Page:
Missing: Millions of Years of RGV History

UTRGV professor researching geological mysteries

by Maria Elena Hernandez

PHOTO-2---Dr.-Juan-Gonzalez-(UTRGV-Photo-by-David-Pike)RIO GRANDE VALLEY, TEXAS – For geologist Dr. Juan González, time travel is a simple road trip along Expressway 83.

“The further west you go, the further back in time you go,” said González, a UTRGV associate professor in the School of Earth, Environmental, and Marine Sciences (SEEMS).

The rocks on the UTRGV Edinburg Campus are 1.8 million years old. Traveling west into Starr County, you’ll hit the Goliad Formation, which is 5 million to 7 million years old. By the time you reach the Roma cliffs, you’re at what was a beach environment 43 million years ago.

 “I was driving to the Rio Grande Valley from New Orleans (in 2009), and all I saw was flat coastal plain, and I figured there is not much here,” González said. “But shortly after, they took me on this field trip and it was an eye opener.”

 That’s because González, a Quaternary geologist, could see volcanic ash along the formations, which are millions of years old.

Yes, volcanic ash. In the Rio Grande Valley.

 “Now, do you know of any volcanoes nearby?” he said rhetorically.

 “I started researching the literature for any information on the ash,” he said, “and nothing has been done. Nothing. I could not find a single reference to this outcrop.”

 The sediment is now clay, he explained, but the clay originated from volcanic ash.

 “This light color has a very unique composition. This was from a magma that was very viscous,” he said. “It could not flow. So when the caldera of the volcano exploded, it exploded violently.”

 In fact, the explosion was so violent it left a layer of volcanic ash that’s 20 meters thick (almost 66 inches). And it did it in a single eruption.

 “This clearly caused climate change,” González said. “Some species might have gone extinct.”

 While González and his colleagues debate whether the ash fell within a few days or months, they have verified the age of the formation, called the Catahoula Formation. Two independent labs have calculated that the formation is about 27.2 million years old.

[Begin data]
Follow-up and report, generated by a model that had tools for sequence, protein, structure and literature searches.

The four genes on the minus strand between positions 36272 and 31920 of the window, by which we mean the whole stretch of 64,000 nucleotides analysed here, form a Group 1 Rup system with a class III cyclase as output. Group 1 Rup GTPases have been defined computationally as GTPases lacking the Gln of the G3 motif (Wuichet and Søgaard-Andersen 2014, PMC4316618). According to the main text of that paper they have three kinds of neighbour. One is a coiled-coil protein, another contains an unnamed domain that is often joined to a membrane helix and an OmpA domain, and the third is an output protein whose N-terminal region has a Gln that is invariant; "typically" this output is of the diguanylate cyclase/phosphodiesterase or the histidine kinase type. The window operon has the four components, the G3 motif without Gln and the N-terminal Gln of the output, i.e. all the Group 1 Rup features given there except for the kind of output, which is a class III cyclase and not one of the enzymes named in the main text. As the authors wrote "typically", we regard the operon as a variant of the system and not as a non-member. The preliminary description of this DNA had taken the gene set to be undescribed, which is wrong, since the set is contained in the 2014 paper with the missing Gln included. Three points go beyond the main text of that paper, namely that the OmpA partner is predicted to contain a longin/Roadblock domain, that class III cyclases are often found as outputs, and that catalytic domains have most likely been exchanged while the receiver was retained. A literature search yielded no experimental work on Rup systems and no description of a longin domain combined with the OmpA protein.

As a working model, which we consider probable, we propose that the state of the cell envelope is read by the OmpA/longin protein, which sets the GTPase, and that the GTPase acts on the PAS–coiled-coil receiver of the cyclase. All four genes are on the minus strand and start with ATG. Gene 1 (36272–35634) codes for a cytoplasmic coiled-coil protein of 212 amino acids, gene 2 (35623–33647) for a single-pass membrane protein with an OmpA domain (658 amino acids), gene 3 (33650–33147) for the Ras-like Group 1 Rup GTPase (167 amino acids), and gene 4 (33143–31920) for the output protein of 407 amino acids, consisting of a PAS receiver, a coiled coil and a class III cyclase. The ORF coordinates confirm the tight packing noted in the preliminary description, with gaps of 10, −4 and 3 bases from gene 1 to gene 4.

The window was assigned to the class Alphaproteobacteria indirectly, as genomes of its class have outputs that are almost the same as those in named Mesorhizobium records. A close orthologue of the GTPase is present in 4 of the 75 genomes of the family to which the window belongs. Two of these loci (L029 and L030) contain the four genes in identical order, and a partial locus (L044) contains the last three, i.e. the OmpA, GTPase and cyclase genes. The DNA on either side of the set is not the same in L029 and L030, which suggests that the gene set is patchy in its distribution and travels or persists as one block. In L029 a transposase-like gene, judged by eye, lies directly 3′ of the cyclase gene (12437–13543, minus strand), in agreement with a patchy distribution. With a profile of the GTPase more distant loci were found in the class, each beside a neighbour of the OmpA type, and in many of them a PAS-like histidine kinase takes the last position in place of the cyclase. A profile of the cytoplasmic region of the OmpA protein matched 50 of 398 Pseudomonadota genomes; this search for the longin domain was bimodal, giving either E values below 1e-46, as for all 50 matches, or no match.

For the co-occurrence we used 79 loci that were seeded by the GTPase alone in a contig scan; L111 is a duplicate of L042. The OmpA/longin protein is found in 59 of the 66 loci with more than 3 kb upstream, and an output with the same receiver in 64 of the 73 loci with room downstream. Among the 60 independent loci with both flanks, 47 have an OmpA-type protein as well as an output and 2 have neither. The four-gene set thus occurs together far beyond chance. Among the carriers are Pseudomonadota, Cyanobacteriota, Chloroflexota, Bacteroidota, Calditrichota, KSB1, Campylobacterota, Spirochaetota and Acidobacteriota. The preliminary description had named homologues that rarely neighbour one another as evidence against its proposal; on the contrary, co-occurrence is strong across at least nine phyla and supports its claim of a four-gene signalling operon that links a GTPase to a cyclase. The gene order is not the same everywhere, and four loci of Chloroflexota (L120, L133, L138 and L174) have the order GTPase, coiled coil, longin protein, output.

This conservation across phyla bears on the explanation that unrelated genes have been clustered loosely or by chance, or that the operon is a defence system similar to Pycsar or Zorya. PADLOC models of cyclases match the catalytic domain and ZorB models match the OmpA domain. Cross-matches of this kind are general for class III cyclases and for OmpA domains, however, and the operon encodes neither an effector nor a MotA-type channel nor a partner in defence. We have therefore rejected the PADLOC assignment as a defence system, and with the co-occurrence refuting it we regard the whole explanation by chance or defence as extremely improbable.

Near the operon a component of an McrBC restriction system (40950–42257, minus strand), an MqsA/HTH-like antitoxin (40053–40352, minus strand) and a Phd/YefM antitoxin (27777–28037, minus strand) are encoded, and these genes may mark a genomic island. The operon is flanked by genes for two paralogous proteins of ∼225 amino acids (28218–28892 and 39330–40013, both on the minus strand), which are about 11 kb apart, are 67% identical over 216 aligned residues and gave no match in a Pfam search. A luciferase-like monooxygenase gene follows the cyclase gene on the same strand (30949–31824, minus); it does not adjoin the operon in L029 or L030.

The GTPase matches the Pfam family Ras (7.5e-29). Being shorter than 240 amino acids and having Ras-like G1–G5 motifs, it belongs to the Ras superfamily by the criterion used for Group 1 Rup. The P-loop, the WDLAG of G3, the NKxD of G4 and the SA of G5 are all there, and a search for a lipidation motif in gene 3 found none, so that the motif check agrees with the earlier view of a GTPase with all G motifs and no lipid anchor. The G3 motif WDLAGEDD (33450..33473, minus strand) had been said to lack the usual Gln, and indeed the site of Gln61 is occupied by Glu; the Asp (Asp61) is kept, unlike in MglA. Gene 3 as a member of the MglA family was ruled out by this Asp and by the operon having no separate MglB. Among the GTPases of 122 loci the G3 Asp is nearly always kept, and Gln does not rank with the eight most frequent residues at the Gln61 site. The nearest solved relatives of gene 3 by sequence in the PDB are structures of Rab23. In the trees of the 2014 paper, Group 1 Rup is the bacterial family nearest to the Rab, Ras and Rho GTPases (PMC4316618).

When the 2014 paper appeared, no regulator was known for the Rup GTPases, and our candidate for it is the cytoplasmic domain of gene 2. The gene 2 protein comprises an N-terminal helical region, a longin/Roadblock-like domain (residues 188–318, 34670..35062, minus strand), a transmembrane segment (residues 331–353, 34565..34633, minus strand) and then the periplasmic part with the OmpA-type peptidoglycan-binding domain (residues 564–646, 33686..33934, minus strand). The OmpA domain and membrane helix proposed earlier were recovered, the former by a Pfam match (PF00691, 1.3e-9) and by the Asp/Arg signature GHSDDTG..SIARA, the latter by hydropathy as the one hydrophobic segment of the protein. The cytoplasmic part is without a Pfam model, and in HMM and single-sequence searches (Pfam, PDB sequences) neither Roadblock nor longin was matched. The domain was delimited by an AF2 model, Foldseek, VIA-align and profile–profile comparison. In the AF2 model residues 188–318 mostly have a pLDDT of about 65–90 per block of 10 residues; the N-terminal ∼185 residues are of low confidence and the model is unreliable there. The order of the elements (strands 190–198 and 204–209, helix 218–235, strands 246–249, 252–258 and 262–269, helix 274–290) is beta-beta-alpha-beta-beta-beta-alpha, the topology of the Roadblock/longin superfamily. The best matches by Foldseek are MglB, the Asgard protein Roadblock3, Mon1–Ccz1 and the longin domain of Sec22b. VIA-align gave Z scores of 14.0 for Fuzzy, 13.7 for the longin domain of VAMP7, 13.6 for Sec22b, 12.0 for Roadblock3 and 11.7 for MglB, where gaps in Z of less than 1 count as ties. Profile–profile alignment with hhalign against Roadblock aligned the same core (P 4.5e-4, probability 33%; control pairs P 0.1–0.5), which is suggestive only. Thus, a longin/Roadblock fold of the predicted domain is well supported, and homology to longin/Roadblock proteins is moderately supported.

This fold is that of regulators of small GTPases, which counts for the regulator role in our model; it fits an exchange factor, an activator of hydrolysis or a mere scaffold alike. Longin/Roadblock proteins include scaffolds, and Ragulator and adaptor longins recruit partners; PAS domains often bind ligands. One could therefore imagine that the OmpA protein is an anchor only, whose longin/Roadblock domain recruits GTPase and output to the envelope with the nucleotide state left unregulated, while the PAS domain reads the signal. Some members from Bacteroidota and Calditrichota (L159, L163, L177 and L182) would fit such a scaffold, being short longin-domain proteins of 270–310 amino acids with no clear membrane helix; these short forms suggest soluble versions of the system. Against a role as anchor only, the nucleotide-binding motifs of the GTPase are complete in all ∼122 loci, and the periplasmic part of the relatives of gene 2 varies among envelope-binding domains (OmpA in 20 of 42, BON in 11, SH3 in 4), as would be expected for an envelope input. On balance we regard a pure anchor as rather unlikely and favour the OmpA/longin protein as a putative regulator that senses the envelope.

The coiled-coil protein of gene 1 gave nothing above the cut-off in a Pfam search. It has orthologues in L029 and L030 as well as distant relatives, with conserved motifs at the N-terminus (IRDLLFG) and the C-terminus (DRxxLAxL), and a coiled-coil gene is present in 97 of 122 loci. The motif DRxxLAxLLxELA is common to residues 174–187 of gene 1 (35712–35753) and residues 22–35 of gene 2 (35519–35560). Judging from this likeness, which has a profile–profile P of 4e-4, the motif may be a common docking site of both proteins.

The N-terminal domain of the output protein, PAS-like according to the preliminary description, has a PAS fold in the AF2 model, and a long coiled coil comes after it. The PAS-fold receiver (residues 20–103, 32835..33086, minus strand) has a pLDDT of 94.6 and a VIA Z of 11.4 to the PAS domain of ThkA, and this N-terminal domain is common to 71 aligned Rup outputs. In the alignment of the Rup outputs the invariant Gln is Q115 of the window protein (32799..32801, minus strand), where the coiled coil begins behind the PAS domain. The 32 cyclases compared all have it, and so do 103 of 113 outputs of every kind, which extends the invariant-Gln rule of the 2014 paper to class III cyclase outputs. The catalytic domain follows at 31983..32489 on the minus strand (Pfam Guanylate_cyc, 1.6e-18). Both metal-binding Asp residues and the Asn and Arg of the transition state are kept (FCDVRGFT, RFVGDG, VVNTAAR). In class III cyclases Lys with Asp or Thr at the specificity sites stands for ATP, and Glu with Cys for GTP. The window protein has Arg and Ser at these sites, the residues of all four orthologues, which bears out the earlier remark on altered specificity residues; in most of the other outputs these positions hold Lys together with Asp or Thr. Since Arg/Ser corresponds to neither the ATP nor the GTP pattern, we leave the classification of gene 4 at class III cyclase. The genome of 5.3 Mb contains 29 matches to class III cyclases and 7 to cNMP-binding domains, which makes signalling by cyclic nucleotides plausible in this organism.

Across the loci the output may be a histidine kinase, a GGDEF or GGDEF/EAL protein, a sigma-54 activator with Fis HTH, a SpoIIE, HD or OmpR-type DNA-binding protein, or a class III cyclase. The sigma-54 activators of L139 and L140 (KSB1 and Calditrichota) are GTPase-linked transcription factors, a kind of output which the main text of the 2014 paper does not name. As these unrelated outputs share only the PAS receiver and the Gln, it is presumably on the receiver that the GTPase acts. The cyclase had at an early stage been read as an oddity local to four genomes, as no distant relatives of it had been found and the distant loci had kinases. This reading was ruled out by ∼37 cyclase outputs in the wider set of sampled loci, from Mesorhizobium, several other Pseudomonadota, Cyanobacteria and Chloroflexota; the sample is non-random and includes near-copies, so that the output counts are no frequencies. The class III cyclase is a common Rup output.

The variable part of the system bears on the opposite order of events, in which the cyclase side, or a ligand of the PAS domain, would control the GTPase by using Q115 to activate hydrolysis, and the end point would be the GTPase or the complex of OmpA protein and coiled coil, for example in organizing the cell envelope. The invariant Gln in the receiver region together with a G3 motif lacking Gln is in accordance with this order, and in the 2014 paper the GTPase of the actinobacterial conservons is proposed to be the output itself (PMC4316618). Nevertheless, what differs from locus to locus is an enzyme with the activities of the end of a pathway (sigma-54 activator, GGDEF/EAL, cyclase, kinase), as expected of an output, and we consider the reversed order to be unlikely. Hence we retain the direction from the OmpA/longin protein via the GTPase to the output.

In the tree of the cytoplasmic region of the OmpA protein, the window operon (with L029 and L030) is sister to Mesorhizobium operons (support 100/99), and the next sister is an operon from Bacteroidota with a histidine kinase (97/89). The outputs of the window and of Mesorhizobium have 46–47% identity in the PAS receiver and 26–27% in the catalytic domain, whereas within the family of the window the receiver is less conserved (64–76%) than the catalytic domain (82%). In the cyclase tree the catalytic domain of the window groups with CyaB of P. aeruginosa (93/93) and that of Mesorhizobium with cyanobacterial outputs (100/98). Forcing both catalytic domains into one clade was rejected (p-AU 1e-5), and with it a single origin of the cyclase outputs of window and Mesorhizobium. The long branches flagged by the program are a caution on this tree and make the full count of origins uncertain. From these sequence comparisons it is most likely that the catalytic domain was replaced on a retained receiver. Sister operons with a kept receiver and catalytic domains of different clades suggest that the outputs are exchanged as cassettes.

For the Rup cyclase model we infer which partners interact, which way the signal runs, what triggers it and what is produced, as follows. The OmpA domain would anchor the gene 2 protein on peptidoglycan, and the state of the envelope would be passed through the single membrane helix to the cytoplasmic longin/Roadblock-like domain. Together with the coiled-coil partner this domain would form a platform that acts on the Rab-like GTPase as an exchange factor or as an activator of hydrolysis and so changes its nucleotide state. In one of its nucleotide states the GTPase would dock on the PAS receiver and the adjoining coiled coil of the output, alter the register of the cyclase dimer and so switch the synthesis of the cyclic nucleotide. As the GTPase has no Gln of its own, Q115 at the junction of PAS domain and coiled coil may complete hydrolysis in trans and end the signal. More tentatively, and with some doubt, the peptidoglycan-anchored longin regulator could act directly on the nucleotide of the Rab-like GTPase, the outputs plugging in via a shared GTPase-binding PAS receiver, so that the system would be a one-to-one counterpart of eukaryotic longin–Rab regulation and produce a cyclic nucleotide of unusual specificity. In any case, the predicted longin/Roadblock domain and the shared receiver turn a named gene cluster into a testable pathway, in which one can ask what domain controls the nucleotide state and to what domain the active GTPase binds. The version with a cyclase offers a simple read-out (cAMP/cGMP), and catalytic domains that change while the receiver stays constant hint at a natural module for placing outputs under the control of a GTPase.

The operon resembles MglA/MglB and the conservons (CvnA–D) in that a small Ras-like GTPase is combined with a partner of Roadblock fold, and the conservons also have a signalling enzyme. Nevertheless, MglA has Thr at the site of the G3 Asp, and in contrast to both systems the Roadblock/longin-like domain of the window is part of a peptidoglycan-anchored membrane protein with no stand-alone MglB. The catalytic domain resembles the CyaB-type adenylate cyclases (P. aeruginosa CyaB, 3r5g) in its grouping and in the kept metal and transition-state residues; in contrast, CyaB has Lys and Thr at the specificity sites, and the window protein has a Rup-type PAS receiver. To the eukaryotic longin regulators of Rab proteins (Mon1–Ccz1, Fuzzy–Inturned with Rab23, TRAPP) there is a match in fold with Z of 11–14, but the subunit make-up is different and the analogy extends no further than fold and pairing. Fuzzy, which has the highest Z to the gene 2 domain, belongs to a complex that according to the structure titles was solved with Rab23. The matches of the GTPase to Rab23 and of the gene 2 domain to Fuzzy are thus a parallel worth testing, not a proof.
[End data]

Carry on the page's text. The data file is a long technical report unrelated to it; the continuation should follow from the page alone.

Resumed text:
With that information, they’re working to find the source of the volcanic ash, which extends south into Mexico and north toward Three Rivers.

“We have good candidates. With that age, we can go back and see, based on previous work, what volcanoes were active at the time,” González said.

However, the age verification of the Catahoula Formation with volcanic ash is part of another mystery. The Goliad Formation above it is 5 million to 7 million years old.

Dr. Juan González, a UTRGV associate professor in the School of Earth, Environmental, and Marine Sciences (SEEMS) and a Quaternary geologist, says there is a puzzling geological formation about 27 million years old called the Catahoula Formation in Starr County. The deposit is clay now, but it originated from volcanic ash. The riddle for geologists is, if there are no volcanoes near Starr County, where did this 66-foot deep deposit of volcanic ash come from? Capping the volcanic ash formation is the Goliad Formation, dated at 5 million to 7 million years old. González and associates now are trying to find out what happened to the 20 million years of history between the two formations. Photo: David Pike/UTRGV